ii) system("pause"); is not portable. Others have discussed various other methods to acchieve the same thing. Just go try compiling that on GC++C under Linux - it won't work.
iii) If you're going to indent, be consistent, use either TAB or single spaces don't mix them.
iv) Your function prototype "int convertInches(int, int)" is never defined and is unused, also it is not really valid syntax - as far as I know you need to specify parameter the variable names.

Answers:

i) No, so replace those function calls in the while loop with the cout statements.

ii) Use a construct such as:
Code

cout << "Press any key to continue..." << endl;
cin.ignore(1,'\x10');
while(!(cin.get() > 0)) {}





iii) N/A

iV) Function isn't used, so remove the prototype.

Otherwise a well written program.

Cleaned code

Code

#include <iostream>
#include <string>
#include <cmath>
using namespace std;

//iv)
        
int main()
{
   int rooms = 0, count = 0, tile = 0;
   int widthFt = 0, widthIn = 0;
   int lengthFt = 0, lengthIn = 0;
   int totWidth = 0, totLength = 0, tileLength = 0, tileWidth = 0;
   int extra = 0, tilesNeeded = 0, boxes = 0;
   int totalTiles = 0, totalBoxes = 0, totalLeft = 0;

   //i)
   cout << "Enter number of rooms:";
   cin >> rooms;

   //i)
   cout << "Enter size of tile in inches:";
   cin >> tile;
   
   while (count < rooms)
   {


      cout << "Enter room Width (feet and inches, separated by a space):";
      cin >> widthFt >> widthIn;


      cout << "Enter room Length (feet and inches, separated by a space):";
      cin >> lengthFt >> lengthIn;


      totWidth = (widthFt * 12) + widthIn;
      totLength = (lengthFt * 12) + lengthIn;
      tileLength = totLength / tile;

      if ( (totLength % tile) > 0) // rounds tileLength up
      {
         tileLength++;
      }

      tileWidth = totWidth / tile;
      if ( (totWidth % tile) > 0) // rounds tileWidth up
      {
         tileWidth++;
      }

      tilesNeeded = tileLength * tileWidth;
      totalTiles = totalTiles + tilesNeeded;
      cout << "Tiles needed: " << tilesNeeded << endl;

      boxes = tilesNeeded / 20; // uses extras or rounds up boxes
      if ( (tilesNeeded % 20) > 0 && (tilesNeeded % 20) < extra)
      {
          extra -= (tilesNeeded % 20);
      }
      else if ( (tilesNeeded % 20) > 0 && (tilesNeeded % 20) > extra)
      {
         boxes++;
         extra = (20 * boxes) - tilesNeeded;
      }
      totalBoxes = (totalTiles + extra) / 20;
      if (extra > 20)
      {
            extra -= 20;
            boxes -= 1;
      }

      cout << "Number of boxes needed: " << boxes << endl;
      cout << "Extra tiles: " << extra << endl << endl;
      count++;

   }

   cout << "Total Number of Tiles: " << totalTiles << endl;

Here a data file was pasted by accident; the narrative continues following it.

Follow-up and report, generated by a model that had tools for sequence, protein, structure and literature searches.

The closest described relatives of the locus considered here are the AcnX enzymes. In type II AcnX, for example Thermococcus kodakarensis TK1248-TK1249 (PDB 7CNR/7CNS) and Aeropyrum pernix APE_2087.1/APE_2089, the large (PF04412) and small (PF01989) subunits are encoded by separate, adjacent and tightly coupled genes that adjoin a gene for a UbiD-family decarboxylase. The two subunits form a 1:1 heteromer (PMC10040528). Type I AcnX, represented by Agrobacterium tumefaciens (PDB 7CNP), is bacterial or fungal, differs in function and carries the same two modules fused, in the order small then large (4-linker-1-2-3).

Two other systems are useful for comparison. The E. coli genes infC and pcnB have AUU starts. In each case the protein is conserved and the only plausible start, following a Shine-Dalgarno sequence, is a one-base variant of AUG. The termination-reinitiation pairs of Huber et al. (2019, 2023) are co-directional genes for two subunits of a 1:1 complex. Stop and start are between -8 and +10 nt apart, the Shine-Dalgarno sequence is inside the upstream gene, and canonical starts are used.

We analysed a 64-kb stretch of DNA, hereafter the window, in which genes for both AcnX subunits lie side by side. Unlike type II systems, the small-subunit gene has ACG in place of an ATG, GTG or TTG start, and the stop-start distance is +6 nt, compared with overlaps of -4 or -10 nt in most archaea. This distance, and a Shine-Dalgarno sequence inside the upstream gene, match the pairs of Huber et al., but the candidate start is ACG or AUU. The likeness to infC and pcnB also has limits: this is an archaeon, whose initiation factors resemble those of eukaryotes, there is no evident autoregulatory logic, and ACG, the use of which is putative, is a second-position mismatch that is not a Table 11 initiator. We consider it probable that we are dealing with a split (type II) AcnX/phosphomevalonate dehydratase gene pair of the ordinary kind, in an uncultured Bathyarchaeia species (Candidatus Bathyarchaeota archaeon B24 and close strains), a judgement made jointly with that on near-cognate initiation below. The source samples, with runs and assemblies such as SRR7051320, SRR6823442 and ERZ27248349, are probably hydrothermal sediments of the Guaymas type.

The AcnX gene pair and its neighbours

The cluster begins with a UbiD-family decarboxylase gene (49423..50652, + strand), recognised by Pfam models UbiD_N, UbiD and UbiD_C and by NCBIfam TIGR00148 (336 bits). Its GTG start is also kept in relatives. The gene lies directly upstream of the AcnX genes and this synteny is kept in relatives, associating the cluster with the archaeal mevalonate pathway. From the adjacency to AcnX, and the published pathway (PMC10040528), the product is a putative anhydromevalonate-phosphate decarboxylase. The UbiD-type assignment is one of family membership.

cout << "Total Number of Boxes: " << totalBoxes << endl;
   cout << "Total Extra: " << extra << endl;

   //ii)
   cout << "Press any key to continue..." << endl;
   cin.ignore(1,'\x10');
   while(!(cin.get() > 0)) {}

   return 0;

}





Hope that helps.

Jim,
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RE: C++ functions and tiles program


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Posted on 27-02-11 14:15
j4m32 wrote:
also it is not really valid syntax - as far as I know you need to specify parameter the variable names.

Not in the declaration; the declaration merely needs to know the function name, return value and what types the parameters are going to be.
So you can, but it's unnecessary. It would be mostly good for larger projects where you want descriptive parameter names to be in the collection of declarations for easier overview and use.

Edit:
This is consistent and thus is the same for class methods and not just standalone functions.




Edited by on 27-02-11 14:18
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RE: C++ functions and tiles program

j4m32
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Posted on 27-02-11 14:18
Ahh, eeek!

Thanks for the clarification on that one COM!
My bad. Pfft

Jim,
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RE: C++ functions and tiles program


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Posted on 27-02-11 21:44
the only reason I had those functions in there is because it was mandatory for the program and chapter we are on in class, otherwise i wouldnt use those. Thanks for your input Jim. Seems the small time you have been here you have done alot, especially for me and I do appreciate it.


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RE: C++ functions and tiles program

j4m32
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Posted on 27-02-11 22:49
Not a problem!

I am pretty much self taught, just read around a lot of things, as you say best you stik to your breif to get your marks though - and that's fair enough. Smile
Sorry if I come across abrupt sometimes too, I don't mean to be Grin

Jim,